September 8, 2016 — Should anyone think that their vote doesn’t matter, please take a look at what just happened in the Michigan primaries. In the 2nd Michigan House District in Detroit, Bettie Cook Scott won her Democratic primary by 17 votes over her closest competitor in the race. That’s right. So if nine people had voted a different way, another candidate would have won. How many times have we been in conversations with more than nine people? How many times have we been able to find nine like-minded people? And, as we’ve talked about many times before, in many districts around the state, including those in the city of Detroit, the primary run determines the winner in November.

So, what do we take from that? We are in charge of the Michigan we make. We can change our state where it needs changing, we can stay the course where we need to. Seem like a leap? No way. Nine people literally made the decision about who was going to represent the 85,000 people in the 2nd district. Wow, what power! I have many more family members than that around my dinner table on a regular basis. I have many more neighbors than that gathered in the backyard on many summer evenings.

But with this power comes responsibility.

  1. We have to understand what the candidates are saying about the issues that we care about – and not just in the November run-offs, but in primaries, too. That is true from the Presidential race to local races for township positions and everywhere in between. The great thing is that the election season is the EASIEST time to hear about the issues from policymakers, and it is the easiest time for them to hear from us. Even when they don’t have a competitive general election race, they are still around, building additional support and getting the bell weather on constituent issues and concerns.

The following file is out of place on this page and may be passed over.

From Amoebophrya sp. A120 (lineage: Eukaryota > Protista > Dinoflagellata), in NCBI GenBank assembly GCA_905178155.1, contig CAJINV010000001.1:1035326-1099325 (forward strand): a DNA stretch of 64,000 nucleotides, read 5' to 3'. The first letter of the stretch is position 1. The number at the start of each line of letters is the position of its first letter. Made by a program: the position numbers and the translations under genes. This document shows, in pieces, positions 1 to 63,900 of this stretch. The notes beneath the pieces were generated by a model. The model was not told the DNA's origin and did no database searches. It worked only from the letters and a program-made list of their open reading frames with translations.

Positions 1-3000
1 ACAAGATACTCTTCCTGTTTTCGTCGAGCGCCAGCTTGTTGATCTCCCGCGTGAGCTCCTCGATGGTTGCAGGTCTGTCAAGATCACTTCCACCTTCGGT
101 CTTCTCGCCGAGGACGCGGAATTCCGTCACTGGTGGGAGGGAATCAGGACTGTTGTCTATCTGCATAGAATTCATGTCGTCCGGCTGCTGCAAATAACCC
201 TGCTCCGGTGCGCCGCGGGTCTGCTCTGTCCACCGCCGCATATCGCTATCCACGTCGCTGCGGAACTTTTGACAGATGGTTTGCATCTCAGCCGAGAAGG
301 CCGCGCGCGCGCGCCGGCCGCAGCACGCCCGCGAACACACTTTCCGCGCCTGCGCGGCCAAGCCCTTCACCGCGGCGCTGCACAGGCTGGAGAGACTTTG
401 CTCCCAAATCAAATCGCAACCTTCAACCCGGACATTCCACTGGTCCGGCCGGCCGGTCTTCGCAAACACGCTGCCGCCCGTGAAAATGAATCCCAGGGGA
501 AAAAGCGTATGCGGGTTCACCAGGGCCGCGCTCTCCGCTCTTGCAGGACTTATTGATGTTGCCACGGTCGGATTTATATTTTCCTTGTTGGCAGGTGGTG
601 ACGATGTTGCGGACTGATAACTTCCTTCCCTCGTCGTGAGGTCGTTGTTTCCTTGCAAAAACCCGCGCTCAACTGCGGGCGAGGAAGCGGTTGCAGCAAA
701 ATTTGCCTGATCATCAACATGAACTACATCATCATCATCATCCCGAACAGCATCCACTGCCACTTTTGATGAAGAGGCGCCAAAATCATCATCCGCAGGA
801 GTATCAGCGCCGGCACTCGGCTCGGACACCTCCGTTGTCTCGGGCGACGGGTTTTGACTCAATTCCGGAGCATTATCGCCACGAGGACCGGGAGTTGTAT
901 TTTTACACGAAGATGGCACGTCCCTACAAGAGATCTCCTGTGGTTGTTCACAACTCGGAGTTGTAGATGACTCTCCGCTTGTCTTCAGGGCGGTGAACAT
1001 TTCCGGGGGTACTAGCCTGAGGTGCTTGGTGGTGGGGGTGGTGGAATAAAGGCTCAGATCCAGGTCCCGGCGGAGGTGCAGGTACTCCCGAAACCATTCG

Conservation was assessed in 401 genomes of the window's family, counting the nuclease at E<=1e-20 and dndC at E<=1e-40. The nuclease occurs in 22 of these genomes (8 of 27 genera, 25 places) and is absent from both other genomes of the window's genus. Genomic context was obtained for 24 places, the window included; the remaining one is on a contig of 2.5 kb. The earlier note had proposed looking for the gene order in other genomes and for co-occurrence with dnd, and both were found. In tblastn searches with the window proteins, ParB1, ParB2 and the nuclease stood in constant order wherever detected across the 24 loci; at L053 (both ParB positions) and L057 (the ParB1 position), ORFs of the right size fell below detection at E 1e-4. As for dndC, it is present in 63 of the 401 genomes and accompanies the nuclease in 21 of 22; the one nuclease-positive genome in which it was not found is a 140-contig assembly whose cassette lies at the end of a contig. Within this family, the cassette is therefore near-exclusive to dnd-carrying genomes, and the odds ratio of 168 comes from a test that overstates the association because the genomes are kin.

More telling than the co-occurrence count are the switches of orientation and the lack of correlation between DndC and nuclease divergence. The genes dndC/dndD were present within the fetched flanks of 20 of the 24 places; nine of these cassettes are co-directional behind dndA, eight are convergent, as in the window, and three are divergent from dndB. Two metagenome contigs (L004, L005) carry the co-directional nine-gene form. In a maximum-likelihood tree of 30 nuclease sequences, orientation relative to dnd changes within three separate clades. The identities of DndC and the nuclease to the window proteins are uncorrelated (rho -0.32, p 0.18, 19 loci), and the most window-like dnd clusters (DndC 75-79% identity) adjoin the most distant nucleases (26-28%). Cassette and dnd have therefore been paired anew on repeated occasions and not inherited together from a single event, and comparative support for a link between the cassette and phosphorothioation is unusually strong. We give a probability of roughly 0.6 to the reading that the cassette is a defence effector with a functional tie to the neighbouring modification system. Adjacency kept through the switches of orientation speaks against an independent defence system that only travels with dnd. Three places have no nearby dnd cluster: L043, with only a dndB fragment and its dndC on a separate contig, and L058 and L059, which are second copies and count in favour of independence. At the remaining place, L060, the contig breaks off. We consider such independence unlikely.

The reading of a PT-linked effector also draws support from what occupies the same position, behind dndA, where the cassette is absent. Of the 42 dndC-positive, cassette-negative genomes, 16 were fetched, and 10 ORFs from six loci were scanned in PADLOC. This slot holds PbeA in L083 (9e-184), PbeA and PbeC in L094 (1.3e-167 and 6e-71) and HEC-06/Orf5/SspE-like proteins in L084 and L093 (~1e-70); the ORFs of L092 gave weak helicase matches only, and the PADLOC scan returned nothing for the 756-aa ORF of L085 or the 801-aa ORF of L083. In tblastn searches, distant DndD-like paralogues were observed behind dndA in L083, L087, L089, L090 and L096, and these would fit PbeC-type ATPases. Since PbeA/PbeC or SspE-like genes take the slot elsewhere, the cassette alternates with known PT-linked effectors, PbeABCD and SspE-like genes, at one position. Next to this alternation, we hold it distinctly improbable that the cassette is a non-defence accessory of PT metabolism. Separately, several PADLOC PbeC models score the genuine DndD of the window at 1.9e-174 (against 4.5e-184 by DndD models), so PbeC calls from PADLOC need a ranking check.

2. We have to treat the election as the BEGINNING of the process, not the end. As we are connecting with candidates over the next two months, we need to make sure that they know that we are paying attention to what they are saying, and that we will be holding them accountable for promises they are making – those that we like, and those that we don’t.
  3. We have to make friends with decision makers. Remember what Mark Twain famously said, when you need a friend, it is too late to make one. Huh? As we all know, and as I hammer on ALL THE TIME I know, lawmakers – like the rest of us humans – are more likely to turn to people they know and trust for advice. People they have built a relationship with are more likely to be the ones they turn to when they are trying to find out more information about an issue or trying to decide how to vote on something. We know that we all do it. Nothing like a campaign season to make sure that your candidates know who you are, and see you as a resource for their later work.
  4. We have to take responsibility for outcomes in our Democracy. If we aren’t voting, we have given up our power right there. If we aren’t sharing what we know with lawmakers, we can’t expect that they will make the right decisions once elected. If we aren’t paying attention to what they are saying and doing, we are not the ones who will be holding them accountable. Are we all doing the best we can to make sure the people who represent us are well informed, well-prepared, well-supported when they do the right thing, and facing consequences when they don’t.

I feel compelled to raise these issues in election years because it’s honestly that simple – and that darn essential to our lives at home, across the state and nationally. Talk with candidates about what is going on in your own life – what are you seeing in your community, what you think they should do to help. As when you are talking to a friend, be respectful, be honest, be clear, be willing to clarify if you need to. Candidates don’t know what we know! If you want some thoughts about possible questions to ask, take a look at our election issues pieces that include some and other talking points.. You can talk with them directly, or you can talk with them publicly – through all sorts of media. They pay attention to letters to the editor in local papers, they pay attention to social media, they pay attention to people who come to opportunities to meet with them.

Thanks for joining Michigan’s Children and countless other advocates for children and families as we work through this election and beyond to make the Michigan we want and need for children, youth and families everywhere.

– Michele Corey

Michele is the Vice President for Programs at Michigan’s Children